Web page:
The Project Delivery Group (PDG) here at Technology Evaluation Centers (TEC) works closely with our clients to assist and guide them through the process of evaluating and selecting their business software solutions. Over the years, this group has witnessed the multitude of issues and hurdles that can arise—oftentimes unexpectedly—during those selections and has become adept at helping its clients work through various scenarios. One of these issues relates to what happens when a company that is involved in a software selection process is suddenly mandated by upper management to purchase another software solution. The issue of an “imposed software decision” is the first topic in a series of reports prepared by TEC analysts in conjunction with TEC’s PDG to highlight current realities and present useful tips and practices for software selection projects.
Well, all seemed to be going according to plan with a recent software selection project—a typical project at that—with no foretelling that something would go amiss. The project was well organized overall. Following the best software selection practices, the company first appointed experts from each department to a group dedicated to selecting and implementing the software. The ultimate goal of this group was to review existing business processes, create an “as-is” company model, identify business processes gaps and overlaps, suggest improvements, select a suitable enterprise resource planning (ERP) system, and, finally, start implementing the chosen system. In fact, the group was well into achieving its goal. A large amount of work on creating the as-is model had been done, a long list of requirements for the ERP system had been compiled and priorities assigned, and a whole range of nonefficient processes had been identified, documented, and slated for improvement at subsequent implementation steps. The group was close to completing the selection process and examining a number of ERP software systems and creating a shortlist of four candidates to compare for best functional fit, related costs, and overall suitability to meet the company’s needs. Then, suddenly, the company was acquired by another company operating in totally different market.
Upon reviewing the ongoing ERP selection project, the new owners concluded that all this was all very good and extensive, but it was rather unnecessary, as they had already selected an ERP solution for the acquired company. The main rationale for this unexpected decision was that the mother company had purchased and implemented an ERP system a year ago and had access to leftover software licenses—which would lower the overall cost of system deployment. However, they had not factored in the software maintenance fees—which had increased significantly during this one-year period—annihilating the anticipated cost savings. Other important factors not accounted for were the current market conditions, the forced product’s nature and niches, its functional suitability for the acquired company’s needs, and other business realities. On other hand, some factors—which have nothing to do with the selection process—may have been given high priority, and could have been brought over with the mother company.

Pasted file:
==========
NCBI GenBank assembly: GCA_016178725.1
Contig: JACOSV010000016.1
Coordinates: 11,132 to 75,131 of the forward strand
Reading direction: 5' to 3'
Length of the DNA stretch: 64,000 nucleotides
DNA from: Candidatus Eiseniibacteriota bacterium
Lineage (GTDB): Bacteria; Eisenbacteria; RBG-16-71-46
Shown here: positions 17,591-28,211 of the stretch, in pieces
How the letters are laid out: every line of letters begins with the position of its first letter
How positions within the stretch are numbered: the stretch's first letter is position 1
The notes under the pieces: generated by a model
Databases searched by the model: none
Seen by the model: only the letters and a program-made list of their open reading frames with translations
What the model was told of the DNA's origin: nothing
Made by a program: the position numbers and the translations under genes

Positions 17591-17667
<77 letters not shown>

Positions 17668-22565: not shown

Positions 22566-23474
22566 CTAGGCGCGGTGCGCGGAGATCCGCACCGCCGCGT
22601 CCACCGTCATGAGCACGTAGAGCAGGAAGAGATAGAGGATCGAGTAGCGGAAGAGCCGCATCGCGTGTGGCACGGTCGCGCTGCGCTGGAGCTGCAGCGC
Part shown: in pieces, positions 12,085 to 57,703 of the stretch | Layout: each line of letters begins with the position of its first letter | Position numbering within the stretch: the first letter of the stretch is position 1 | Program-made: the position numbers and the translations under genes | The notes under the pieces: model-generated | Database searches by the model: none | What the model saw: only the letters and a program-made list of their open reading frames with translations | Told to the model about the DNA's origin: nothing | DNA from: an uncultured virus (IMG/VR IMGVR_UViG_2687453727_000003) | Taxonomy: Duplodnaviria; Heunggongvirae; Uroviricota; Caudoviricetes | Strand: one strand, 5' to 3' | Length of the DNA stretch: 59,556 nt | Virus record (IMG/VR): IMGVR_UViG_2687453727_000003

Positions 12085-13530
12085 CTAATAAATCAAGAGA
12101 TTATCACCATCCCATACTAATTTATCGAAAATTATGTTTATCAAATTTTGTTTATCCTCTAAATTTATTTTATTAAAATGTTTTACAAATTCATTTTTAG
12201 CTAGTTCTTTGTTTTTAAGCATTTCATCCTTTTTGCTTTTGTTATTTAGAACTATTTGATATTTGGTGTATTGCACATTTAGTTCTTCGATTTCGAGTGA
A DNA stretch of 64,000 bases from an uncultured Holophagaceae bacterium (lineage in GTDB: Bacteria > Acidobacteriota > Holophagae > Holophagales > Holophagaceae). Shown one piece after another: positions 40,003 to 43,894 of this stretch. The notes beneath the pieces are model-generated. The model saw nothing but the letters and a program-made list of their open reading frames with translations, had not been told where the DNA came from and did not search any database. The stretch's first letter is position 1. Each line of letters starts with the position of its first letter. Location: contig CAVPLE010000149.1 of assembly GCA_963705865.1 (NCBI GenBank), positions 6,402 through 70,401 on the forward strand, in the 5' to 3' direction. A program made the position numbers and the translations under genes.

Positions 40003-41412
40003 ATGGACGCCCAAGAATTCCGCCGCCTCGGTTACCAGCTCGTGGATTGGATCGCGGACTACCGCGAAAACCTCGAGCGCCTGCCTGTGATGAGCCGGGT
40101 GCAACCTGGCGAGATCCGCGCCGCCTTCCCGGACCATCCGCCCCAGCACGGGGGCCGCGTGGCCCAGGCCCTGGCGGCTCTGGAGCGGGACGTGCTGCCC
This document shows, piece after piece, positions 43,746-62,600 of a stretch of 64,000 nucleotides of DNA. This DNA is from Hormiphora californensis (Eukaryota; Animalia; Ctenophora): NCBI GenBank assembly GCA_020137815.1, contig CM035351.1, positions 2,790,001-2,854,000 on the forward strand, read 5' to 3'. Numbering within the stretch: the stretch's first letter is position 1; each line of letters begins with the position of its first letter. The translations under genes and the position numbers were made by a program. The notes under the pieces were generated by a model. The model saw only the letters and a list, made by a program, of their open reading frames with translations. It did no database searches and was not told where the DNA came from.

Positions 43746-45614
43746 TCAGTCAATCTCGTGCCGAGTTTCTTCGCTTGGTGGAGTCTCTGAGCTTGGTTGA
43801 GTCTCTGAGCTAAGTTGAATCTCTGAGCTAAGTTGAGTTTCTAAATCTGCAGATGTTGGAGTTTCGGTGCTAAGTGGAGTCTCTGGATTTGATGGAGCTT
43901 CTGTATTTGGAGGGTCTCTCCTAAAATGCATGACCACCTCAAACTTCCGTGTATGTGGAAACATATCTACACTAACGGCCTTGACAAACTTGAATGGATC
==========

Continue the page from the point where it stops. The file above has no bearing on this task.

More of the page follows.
This type of situation happens more often than we’d like to think. We’ve all come across instances when top management, for their own reasons, mandated a specific solution, which wasn’t necessarily in line with the software selection results performed by a dedicated team using specialized methodologies and best practices. In some cases, a decision on the software selection was made before the selection project even began. The folks involved in the software implementation group may feel discouraged by the way the software decision was imposed upon them, and may not feel particularly optimistic about the subsequent steps of the system adoption. However, there are learnings the selection team and others can take away from this seemingly negative experience:
Therefore, regardless of the outcome, a properly performed software selection project—one that is well organized and follows best practices—can benefit a company in a number of ways. Establishing detailed software requirements that are in line with the company’s priorities, providing an in-depth description of the company’s business processes, and finding new means for improvements are all outcomes that bring real value to a company. And the findings from this process will certainly help in the implementation of any software system in the future. And, finally, there are cases when the selection and implementation teams were able to convince top management to forego a mandated software decision and sign a contract with a vendor that offered the best-fit product, as determined by the software selection process.
The article was well written - describing both the4 pluses and minus’ of going with ‘the selection’. Many times those involved with a product research become personally attached to the selection and there is a tendency to become overly disappointed if the recommendation is not selected.
The article covered this well.
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